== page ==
By Michael Eatson Special to the Star

One aspect of the retail car industry that has become abundantly clear since the start of COVID-19, based on my experiences and observations, is that new car dealerships remain as vital and relevant as ever in the minds of consumers.

In an age when auto technologies and modes of transportation are advancing at a rapid pace —when a global pandemic has altered the way dealers do business forever — customers have clearly demonstrated how much they value their local new car dealership.

In fact, the view that dealers continue to play a critical role for car buyers is one of the many findings in a recent study conducted by Deloitte Canada, in conjunction with the Trillium Automobile Dealers Association.

The study, sponsored by TireLink, focused on three main areas of the automobile industry: consumer purchase expectations, consumer service expectations, and vehicle electrification.

On consumer purchase expectations, the study revealed an increased overall interest in used vehicles, possibly due to the new vehicle supply shortage and lingering concerns about consumers’ financial capacity going forward.

Of that increased interest in used vehicles, younger consumers (18-34 years old) are more predisposed to buying pre-owned, which could be due to an affordability issue resulting from the negative economic impact of COVID-19.

When consumers are researching their next vehicle purchase, dealership websites and safety-related websites outranked all other forms of influence on the car-buying decision, including word of mouth, third-party websites, media reviews and social media.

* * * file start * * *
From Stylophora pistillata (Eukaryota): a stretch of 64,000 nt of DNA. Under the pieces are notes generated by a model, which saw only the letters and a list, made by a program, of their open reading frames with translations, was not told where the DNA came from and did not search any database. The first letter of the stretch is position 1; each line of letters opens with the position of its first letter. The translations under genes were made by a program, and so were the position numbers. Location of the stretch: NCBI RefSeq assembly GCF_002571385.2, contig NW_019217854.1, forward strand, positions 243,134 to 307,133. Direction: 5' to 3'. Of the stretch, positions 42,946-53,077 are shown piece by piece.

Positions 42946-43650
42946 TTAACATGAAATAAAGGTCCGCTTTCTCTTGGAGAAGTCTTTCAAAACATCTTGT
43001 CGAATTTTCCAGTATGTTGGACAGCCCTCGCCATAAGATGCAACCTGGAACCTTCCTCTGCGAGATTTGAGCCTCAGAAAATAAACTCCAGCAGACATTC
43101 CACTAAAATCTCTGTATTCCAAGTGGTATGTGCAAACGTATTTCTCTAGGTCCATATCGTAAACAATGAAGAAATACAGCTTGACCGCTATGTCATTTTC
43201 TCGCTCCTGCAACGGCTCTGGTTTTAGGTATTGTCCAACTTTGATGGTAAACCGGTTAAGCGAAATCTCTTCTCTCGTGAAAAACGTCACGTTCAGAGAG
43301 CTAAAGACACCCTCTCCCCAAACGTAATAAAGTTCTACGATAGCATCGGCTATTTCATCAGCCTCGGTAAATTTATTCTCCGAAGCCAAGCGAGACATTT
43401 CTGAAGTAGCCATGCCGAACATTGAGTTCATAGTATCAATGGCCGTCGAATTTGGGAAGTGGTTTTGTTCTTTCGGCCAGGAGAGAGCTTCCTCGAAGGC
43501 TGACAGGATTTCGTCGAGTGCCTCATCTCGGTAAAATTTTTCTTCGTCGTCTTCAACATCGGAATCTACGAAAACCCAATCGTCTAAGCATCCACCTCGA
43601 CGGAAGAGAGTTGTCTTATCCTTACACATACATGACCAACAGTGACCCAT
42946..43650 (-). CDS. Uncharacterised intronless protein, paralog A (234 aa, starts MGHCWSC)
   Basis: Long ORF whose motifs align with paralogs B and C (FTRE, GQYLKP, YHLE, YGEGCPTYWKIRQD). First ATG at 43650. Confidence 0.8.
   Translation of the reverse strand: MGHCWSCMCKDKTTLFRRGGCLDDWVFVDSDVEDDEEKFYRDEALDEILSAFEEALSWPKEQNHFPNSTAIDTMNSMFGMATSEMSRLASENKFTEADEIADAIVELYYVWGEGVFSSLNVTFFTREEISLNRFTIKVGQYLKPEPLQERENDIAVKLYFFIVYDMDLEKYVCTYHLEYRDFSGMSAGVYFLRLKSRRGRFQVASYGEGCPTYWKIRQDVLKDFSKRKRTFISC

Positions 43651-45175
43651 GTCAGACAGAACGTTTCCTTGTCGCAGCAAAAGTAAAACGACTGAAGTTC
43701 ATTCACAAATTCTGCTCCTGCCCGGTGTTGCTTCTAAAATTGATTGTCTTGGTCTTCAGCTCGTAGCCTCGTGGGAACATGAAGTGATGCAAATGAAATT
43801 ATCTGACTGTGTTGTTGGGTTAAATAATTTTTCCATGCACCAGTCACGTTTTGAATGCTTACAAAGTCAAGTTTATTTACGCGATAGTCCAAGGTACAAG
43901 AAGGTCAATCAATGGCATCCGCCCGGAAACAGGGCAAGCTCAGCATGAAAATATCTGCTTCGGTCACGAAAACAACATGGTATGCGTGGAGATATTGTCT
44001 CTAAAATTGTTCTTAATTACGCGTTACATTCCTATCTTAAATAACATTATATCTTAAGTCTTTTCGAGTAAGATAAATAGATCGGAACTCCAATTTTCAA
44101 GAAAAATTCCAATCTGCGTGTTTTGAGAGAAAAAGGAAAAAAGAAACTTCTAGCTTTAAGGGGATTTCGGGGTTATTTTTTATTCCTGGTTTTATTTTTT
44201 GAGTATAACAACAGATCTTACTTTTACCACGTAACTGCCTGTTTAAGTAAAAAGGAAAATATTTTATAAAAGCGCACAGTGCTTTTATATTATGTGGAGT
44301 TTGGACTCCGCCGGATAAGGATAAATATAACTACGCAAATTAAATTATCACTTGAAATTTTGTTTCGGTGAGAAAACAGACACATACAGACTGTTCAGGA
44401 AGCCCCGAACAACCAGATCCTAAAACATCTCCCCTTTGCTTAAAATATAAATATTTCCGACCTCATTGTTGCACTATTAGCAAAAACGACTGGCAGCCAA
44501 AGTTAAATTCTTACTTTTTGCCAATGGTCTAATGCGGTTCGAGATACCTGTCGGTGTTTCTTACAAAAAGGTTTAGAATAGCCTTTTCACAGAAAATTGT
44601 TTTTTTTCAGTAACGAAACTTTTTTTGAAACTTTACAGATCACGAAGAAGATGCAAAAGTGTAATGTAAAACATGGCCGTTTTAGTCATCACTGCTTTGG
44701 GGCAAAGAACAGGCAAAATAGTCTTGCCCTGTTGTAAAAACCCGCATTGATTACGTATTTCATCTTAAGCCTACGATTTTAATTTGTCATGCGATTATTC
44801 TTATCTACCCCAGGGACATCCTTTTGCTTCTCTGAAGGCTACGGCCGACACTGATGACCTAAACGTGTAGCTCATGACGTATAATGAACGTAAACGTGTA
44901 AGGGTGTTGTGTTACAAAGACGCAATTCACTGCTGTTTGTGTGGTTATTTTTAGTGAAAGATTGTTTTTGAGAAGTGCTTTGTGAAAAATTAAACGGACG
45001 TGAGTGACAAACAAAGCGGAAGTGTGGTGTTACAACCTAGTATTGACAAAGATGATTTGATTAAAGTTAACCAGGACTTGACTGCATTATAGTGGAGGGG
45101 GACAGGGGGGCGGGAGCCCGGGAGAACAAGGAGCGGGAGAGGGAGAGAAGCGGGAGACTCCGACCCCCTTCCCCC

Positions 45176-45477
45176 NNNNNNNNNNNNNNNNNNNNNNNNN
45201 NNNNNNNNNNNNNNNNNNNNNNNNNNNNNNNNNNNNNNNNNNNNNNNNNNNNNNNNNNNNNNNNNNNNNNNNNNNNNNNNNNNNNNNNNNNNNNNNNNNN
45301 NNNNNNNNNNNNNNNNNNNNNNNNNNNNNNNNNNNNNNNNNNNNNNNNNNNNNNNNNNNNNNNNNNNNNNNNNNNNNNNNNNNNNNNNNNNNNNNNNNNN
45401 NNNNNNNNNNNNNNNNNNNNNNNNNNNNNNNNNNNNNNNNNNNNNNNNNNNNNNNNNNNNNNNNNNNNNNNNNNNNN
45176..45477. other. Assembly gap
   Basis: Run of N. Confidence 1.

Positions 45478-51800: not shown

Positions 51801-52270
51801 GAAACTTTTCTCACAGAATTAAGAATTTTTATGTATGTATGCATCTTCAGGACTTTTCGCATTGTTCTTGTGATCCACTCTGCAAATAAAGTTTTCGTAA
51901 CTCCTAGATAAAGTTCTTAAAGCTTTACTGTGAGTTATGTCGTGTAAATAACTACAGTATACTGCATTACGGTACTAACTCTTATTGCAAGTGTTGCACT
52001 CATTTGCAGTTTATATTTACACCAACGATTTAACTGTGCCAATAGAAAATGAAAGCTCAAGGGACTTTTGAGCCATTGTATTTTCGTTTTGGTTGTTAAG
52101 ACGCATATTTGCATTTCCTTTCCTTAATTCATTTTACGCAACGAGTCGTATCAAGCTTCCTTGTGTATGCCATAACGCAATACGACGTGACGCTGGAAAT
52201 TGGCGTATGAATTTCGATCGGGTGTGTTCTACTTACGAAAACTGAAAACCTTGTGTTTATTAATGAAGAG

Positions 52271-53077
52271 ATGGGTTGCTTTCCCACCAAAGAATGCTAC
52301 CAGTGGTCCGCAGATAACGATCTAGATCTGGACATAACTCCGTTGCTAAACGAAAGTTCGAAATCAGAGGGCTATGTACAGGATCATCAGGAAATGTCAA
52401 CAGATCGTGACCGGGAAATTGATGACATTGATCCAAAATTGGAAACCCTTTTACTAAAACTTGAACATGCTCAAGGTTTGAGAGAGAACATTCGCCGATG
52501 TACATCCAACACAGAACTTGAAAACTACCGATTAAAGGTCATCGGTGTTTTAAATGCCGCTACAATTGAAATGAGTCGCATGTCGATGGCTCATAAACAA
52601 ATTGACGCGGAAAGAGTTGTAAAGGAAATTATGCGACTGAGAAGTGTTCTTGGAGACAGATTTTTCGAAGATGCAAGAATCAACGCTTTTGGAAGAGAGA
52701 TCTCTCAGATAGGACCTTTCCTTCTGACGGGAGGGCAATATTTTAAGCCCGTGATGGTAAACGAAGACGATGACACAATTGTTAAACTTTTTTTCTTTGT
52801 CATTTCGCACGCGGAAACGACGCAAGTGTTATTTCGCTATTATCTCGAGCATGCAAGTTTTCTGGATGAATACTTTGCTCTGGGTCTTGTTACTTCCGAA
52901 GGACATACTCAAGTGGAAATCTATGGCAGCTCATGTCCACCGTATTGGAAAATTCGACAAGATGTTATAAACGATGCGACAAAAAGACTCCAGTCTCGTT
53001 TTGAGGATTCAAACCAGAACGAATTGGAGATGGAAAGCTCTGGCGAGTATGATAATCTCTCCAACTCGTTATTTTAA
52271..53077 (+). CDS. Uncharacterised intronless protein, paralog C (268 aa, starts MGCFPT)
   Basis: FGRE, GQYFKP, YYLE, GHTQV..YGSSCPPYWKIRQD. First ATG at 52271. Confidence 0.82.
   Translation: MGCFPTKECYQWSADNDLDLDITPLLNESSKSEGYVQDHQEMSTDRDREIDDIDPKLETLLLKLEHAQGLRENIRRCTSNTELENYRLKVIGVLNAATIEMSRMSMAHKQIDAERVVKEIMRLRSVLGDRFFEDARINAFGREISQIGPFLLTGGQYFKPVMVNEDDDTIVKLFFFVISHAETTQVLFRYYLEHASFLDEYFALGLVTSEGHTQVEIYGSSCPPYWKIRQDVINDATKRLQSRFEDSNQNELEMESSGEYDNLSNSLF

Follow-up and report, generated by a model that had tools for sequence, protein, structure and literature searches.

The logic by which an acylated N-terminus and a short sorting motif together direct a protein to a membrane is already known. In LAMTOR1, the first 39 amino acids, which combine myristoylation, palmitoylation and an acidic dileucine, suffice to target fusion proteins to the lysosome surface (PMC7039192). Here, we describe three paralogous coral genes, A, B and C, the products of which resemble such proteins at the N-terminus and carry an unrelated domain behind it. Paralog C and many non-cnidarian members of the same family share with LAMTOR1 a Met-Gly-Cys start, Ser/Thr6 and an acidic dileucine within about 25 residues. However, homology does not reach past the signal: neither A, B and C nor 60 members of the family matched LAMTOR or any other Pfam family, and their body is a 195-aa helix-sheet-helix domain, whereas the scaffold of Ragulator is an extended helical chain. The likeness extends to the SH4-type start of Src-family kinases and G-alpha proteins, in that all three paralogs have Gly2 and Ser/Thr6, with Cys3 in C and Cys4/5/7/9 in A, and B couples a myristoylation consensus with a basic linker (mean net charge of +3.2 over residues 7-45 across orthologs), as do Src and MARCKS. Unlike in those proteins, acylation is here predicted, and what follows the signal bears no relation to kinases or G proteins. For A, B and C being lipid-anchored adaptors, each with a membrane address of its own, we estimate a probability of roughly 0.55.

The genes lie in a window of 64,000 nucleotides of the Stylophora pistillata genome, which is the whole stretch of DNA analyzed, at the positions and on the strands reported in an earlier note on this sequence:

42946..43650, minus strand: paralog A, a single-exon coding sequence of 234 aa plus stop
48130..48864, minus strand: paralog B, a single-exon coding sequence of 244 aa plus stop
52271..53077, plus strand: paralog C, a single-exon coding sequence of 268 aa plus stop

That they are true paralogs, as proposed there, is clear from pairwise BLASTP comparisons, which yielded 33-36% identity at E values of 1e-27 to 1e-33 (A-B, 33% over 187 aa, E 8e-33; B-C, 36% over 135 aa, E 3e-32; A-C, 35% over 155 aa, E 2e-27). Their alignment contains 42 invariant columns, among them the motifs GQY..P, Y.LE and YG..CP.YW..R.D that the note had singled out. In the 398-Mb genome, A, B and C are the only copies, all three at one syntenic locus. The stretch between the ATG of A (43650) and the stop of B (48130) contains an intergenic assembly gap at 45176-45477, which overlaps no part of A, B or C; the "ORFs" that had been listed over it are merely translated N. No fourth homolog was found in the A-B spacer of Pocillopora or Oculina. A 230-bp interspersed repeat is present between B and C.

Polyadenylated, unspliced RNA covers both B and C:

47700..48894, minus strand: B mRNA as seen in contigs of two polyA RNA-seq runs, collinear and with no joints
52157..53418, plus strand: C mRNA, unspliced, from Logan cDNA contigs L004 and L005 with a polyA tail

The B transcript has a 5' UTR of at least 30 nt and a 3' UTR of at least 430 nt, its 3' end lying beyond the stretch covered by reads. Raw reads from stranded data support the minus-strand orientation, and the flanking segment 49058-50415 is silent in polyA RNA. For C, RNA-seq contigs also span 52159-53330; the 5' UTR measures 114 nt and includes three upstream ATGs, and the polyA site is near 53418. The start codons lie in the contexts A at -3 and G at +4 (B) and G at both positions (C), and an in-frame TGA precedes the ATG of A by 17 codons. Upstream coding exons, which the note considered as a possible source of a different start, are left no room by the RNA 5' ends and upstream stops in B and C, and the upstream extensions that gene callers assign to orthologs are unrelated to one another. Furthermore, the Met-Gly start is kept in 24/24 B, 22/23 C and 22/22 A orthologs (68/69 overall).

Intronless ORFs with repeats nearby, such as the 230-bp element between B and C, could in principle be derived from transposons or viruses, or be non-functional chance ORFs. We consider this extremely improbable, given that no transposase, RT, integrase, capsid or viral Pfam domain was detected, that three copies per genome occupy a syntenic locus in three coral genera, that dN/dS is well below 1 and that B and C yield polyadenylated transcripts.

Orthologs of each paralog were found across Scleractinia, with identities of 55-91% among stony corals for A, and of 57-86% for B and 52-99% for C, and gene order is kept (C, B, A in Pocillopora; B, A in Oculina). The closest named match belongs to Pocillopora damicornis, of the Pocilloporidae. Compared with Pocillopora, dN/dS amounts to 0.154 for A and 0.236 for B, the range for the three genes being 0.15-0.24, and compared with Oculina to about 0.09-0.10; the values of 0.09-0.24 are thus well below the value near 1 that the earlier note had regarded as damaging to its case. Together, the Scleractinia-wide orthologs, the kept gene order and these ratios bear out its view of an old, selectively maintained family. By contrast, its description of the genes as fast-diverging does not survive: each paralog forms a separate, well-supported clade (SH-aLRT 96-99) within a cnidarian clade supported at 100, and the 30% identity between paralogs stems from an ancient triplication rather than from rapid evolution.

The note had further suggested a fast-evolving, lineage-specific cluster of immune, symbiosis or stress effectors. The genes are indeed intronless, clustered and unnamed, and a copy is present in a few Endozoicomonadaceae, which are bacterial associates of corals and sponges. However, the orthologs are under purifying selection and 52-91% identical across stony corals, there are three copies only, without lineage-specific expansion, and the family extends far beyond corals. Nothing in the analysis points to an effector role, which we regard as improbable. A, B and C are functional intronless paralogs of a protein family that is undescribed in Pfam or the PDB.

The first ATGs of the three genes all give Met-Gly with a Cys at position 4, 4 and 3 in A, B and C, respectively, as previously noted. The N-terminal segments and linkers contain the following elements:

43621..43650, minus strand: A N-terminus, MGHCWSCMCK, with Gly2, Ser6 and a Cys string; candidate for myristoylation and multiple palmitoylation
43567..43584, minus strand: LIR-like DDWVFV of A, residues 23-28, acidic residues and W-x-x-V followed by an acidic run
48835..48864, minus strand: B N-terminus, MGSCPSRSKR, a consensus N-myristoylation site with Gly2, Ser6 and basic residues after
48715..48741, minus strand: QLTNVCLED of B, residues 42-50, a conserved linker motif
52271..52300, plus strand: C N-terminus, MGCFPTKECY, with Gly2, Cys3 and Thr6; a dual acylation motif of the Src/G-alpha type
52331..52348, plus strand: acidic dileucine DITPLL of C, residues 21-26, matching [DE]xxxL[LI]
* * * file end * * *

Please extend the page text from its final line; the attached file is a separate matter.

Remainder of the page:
Interestingly, among those who bought their latest vehicle from a dealership, over half didn’t visit other dealerships.
One in five consumers buy a vehicle on the same day they start visiting dealerships, while 60 per cent of buyers complete a transaction within two weeks.

This continued loyalty to dealerships is further augmented by data that says eight out of 10 car buyers still prefer to buy a vehicle at a dealership, as opposed to an online purchasing experience (this trend is unchanged from last year).

This indicates that consumers continue to place a high value on visiting dealerships, talking to salespeople, viewing cars up close and personal and taking them for test drives.

On the topic of service expectations — when consumers bring their vehicle to a dealership for service — they rank rapid check-in/check-out (81 per cent), access to loaner vehicles (72 per cent), and real-time updates (68 per cent) higher on the priority scale than dealer amenities such as a kids’ playroom or on-site restaurant.

The final section of the study deals with the electrification of vehicles, and it identifies some key areas in this growing segment. It revealed that while interest in electrified vehicles is gaining momentum in Ontario, consumers still appear reluctant to make the full jump to an all battery-powered (BEV) mobility future.

Interest in hybrid electrics is 35 per cent among consumers polled, representing an 11 per cent increase year-over-year. Meanwhile, interest in all-battery powered electric sits at 16 per cent, also representing an 11 per cent increase.

Most EV intenders (76 per cent) expect to pay less than $50K, and many EV models are currently available at that price point in Canada, with more becoming available each year.

The pandemic has significantly impacted how and where people work, and those trends will likely impact vehicle usage in the future.

Fifty-six per cent of respondents said that they are driving less since the pandemic, 69 per cent said that they anticipate driving the same or less going forward, and 35 per cent said they plan on working from home every day or a couple times a week.

In conclusion, the car industry is (and always has been) a people business. Car designs, technologies and customer expectations will continue to evolve, but old-fashioned in-person visits and relationships are still the driving force and lifeblood of the retail car industry.